The iPhone is made of aluminosilicate glass. Apple says it's "chemically strengthened to be 20 times stiffer and 30 times harder than plastic" and it's "ultradurable and more scratch resistant than ever." Still not enough to survive a 3.5-foot drop.
That's what the people at iFixyouri did: Test Apple's claims by dropping the iPhone 4 from 3.5 feet, the distance you drop a phone when you're standing up. They say their iPhone—which they claim is real, but without any internal components—survived the first two shocks.
On the third one, however, the display was completely shattered after a loud pop. That's a sound I'm personally familiar with: My current iPhone 3G's display has broken two times in the same way.
It's not surprising that the Cupertino company is releasing a protective case of their own called the "bumper". Because now, unlike older iPhones where there's one side that has a display and one side that's plastic or aluminum—where you don't care if it gets messed up or cracked—now both sides are glass. Which means both sides are susceptible to breaking. My iPhone was dropped on its display face two times and broke two times. I lost count on the times it dropped on its back.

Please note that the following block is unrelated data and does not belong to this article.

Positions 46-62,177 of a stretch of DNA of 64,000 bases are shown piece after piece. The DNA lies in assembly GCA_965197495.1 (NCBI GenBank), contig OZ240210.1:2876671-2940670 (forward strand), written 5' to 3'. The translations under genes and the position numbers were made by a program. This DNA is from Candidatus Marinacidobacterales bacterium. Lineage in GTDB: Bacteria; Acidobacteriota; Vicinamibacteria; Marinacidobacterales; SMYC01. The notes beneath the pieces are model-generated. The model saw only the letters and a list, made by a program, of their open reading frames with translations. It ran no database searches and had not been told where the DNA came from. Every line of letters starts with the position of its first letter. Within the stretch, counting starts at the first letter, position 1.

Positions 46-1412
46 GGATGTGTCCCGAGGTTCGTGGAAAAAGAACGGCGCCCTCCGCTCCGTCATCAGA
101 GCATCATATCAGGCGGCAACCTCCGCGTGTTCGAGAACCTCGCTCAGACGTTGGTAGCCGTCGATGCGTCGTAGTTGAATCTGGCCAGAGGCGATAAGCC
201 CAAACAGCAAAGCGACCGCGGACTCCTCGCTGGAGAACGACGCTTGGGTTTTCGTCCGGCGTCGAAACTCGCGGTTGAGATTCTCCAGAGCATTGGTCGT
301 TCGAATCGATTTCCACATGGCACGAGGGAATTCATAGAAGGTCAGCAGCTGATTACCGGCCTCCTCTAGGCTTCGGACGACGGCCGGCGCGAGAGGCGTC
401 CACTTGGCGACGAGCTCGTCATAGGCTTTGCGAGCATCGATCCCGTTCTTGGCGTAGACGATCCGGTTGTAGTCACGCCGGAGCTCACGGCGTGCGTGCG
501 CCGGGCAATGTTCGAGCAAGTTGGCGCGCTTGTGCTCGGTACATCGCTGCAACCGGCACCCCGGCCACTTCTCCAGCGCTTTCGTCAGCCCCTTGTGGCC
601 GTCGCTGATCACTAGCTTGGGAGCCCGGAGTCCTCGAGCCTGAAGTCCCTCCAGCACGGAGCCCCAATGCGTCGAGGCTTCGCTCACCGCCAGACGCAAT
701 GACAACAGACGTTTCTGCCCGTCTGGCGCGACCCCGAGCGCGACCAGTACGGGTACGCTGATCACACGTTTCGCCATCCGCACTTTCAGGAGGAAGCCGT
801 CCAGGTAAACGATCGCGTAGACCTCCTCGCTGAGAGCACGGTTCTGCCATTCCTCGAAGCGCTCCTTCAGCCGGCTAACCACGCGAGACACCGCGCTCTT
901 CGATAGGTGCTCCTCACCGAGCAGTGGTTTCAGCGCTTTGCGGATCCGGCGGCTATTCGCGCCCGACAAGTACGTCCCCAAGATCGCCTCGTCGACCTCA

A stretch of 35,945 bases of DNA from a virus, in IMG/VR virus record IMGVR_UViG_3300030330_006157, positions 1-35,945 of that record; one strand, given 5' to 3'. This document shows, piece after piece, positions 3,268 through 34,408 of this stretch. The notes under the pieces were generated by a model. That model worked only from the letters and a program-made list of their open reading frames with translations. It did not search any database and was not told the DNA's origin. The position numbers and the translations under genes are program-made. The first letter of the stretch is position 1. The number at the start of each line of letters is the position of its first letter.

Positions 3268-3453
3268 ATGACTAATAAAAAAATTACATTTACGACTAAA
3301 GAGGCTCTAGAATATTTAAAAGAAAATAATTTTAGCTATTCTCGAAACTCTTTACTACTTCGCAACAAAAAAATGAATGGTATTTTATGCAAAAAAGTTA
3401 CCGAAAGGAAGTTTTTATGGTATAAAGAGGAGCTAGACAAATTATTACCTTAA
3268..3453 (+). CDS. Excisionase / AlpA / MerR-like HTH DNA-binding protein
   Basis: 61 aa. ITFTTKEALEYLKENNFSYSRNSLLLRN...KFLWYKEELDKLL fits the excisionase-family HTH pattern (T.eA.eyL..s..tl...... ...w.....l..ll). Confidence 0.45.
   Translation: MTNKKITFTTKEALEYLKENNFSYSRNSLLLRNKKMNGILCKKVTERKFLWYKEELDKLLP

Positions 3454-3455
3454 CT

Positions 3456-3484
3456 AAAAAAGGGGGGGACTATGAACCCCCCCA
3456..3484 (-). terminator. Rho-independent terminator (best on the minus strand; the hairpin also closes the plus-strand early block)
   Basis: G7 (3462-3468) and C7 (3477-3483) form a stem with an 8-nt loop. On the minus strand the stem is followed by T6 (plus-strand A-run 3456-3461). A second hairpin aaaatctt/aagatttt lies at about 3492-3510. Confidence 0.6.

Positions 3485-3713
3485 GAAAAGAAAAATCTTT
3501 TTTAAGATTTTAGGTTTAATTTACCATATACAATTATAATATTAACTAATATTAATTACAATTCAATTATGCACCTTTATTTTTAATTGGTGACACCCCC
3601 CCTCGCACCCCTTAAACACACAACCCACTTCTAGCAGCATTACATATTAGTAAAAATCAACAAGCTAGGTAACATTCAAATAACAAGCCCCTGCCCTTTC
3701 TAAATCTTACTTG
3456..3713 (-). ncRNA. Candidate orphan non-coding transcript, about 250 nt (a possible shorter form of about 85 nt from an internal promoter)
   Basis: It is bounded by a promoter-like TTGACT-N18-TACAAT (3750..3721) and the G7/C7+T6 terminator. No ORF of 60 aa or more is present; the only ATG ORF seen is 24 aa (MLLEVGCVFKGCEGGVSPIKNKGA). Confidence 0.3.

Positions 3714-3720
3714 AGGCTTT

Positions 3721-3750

This new material—20 times stiffer and 30 times harder than plastic—still shatters when dropped. But is it scratch-proof? More scratch-resistant? The test doesn't say. Having both sides be more scratch resistant—the backs of everyone's phones is most likely much more scuffed than the front—is a good thing, if it really is. But having the phone, as a whole, be more likely to break from drops is a bad thing.
And picture the scenario where you have to put your phone down on concrete. Previously, you just it down back first, because you didn't care what the back looks like. Now that the black is shiny and smooth and glass, what do you do? (Oh yes, Apple's own bumper case.)
I agree with Steve that the all-glass-and-steel design is beautiful, but its beauty is pointless if I have to hide it in order to protect it from drops. That's not what Dieter Rams would want in a product: "Good design is aesthetic" he said, but "good design is durable" too. There's a key difference between hardness and brittleness, and although the new glass screen might be harder, it doesn't mean it's not that brittle and likely to shatter when dropped on. (More on this from the comments.)[Ifixyouri]